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Daily News Blog

24
Aug

Socioeconomic and Environmental Benefits in Organic Farming Exceed Chemical Practices

(Beyond Pesticides, August 24, 2021) Organic agriculture provides multiple ecosystem functions and services at greater economic benefit to farmers than conventional, chemical-intensive cropping systems, according to research recently published in the journal Science Advances. The study, conducted by a team of scientists based in Switzerland, goes beyond farming evaluations based solely on ecosystem services to include socioeconomic elements. “We did this because agroecosystems also have a socioeconomic dimension for producers and policy makers,” the authors note. While it is unsurprising based on prior research that organic practices provide greater environmental and economic benefits, the study lays bare the true cost of policies that myopically focus on yield while ignoring other factors.

Researchers conducted their study using data derived from a long-running Farming System and Tillage Experiment (FAST) based in Switzerland. FAST tracked four types of cropping systems: conventional intensive tillage, conventional no tillage, organic intensive tillage, and organic reduced tillage. Cropping systems were evaluated based on four broad categories, including provisioning (ie food production), regulating (ie water, air, and soil management), and supporting (ie biodiversity and soil health) ecosystem services, as well as socioeconomic well-being. These categories were subsequently broken down into nine assessments: soil health preservation, erosion control, biodiversity conservation, water and air pollution control, food production, income, work efficiency, and financial autonomy.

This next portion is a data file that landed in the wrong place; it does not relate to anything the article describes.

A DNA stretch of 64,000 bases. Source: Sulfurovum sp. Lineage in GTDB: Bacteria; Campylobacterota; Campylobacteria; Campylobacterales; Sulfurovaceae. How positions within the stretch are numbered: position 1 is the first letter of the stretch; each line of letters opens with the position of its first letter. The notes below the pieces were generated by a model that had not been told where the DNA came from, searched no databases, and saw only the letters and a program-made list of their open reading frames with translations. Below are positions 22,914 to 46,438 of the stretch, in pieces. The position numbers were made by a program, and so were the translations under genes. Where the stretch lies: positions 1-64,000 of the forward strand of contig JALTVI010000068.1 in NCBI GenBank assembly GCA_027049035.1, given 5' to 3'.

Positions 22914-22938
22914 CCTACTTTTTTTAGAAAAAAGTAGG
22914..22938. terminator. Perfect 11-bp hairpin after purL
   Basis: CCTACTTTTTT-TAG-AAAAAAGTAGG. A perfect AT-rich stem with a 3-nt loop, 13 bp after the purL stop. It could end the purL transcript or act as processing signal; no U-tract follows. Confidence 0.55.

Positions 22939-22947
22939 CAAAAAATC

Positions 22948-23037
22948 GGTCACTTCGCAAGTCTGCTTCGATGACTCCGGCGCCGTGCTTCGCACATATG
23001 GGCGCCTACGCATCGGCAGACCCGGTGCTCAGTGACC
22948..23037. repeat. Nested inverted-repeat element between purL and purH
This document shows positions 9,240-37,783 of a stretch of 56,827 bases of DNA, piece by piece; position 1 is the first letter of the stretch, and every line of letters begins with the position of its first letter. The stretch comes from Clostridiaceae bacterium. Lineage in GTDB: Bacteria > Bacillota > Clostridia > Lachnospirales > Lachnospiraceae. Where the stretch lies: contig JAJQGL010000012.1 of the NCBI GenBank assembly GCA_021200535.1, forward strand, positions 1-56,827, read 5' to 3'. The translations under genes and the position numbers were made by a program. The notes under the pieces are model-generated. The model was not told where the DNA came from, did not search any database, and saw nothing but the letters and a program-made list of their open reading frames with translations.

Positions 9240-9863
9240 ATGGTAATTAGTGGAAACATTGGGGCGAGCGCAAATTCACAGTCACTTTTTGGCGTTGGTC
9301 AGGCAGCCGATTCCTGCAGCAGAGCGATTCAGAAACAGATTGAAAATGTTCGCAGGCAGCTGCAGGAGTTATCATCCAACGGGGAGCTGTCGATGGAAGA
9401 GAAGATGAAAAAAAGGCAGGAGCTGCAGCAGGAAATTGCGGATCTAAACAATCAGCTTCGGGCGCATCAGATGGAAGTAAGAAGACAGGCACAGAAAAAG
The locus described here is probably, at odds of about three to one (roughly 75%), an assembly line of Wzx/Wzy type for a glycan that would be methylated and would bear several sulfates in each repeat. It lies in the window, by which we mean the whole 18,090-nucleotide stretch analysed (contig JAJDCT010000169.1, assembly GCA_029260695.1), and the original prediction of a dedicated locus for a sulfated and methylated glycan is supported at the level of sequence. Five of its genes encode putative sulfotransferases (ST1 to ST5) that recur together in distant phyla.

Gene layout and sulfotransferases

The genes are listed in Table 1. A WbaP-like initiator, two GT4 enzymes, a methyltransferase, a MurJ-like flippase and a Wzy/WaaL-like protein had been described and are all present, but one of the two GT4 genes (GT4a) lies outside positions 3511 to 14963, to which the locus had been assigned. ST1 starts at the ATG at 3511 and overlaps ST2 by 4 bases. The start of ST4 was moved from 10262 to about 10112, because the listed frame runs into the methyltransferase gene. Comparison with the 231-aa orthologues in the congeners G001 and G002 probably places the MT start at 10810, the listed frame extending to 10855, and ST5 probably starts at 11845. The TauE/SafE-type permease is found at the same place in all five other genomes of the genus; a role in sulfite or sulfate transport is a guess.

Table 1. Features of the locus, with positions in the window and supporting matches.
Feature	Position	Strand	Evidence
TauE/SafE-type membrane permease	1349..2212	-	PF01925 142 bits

Organic farming significantly increased soil health preservation and erosion control when compared to intensively tilled conventional systems. These benefits were   primarily seen in the organic reduced tillage approach, highlighting the benefits of that practice. Researchers found that yields dropped from conventional to organic systems, although differences were seen between particular crops – with less pronounced disparities between legume crops compared to corn. Organic systems also resulted in higher income, due to the higher price organic products command in the marketplace.

In general, researchers see the greatest differences between the conventional intensive tillage and organic reduced tillage systems. Both of these cropping systems have pronounced trade-offs. High productivity is negatively associated with supporting services like soil health and biodiversity conservation. Supporting and regulating services, however, are strongly associated with each other. For example, good soil management interacts with greater soil diversity to foster improved soil health.

The study provides a tool (located here: https://apps.agroscope.info/sp/fast) for researchers and policymakers to employ to review how emphasis on different ecosystem services or economic factors effect the trade offs that result on the ground.

Scientists note that although there is a tradeoff between productivity and environmental benefits, focus has been traditionally placed on productivity because the hazards conventional agriculture poses to the environment are often not considered, and generally externalized to society at large. The authors note that policy changes can help fill this gap – explaining that direct payments to farmers can help compensate them for reductions in yield while other ecosystem services improve.

It is evident that agriculture that is solely focused on yield is unsustainable. While negatively impacting a range of environmental factors that can affect harvests in the long term, conventional chemical cropping systems nonetheless do not provide a better economic outlook for farmers.  

Past research shows that organic farming can help address economic insecurity, the climate crisis, and public health disparities. In organic hotspots, considered counties with high levels of organic agricultural activity whose neighboring counties also have high organic activity, median household incomes are $2,000 higher than average and poverty levels are lower on average by 1.3%.

Organic agriculture can and must feed the world. But it is also critical that organic standards maintain the beneficial practices that continue to protect ecosystems and the critical services that provide for humanity. Act today to tell USDA to ensure that organic farming protects native ecosystems.

All unattributed positions and opinions in this piece are those of Beyond Pesticides.

Source: Science Advances

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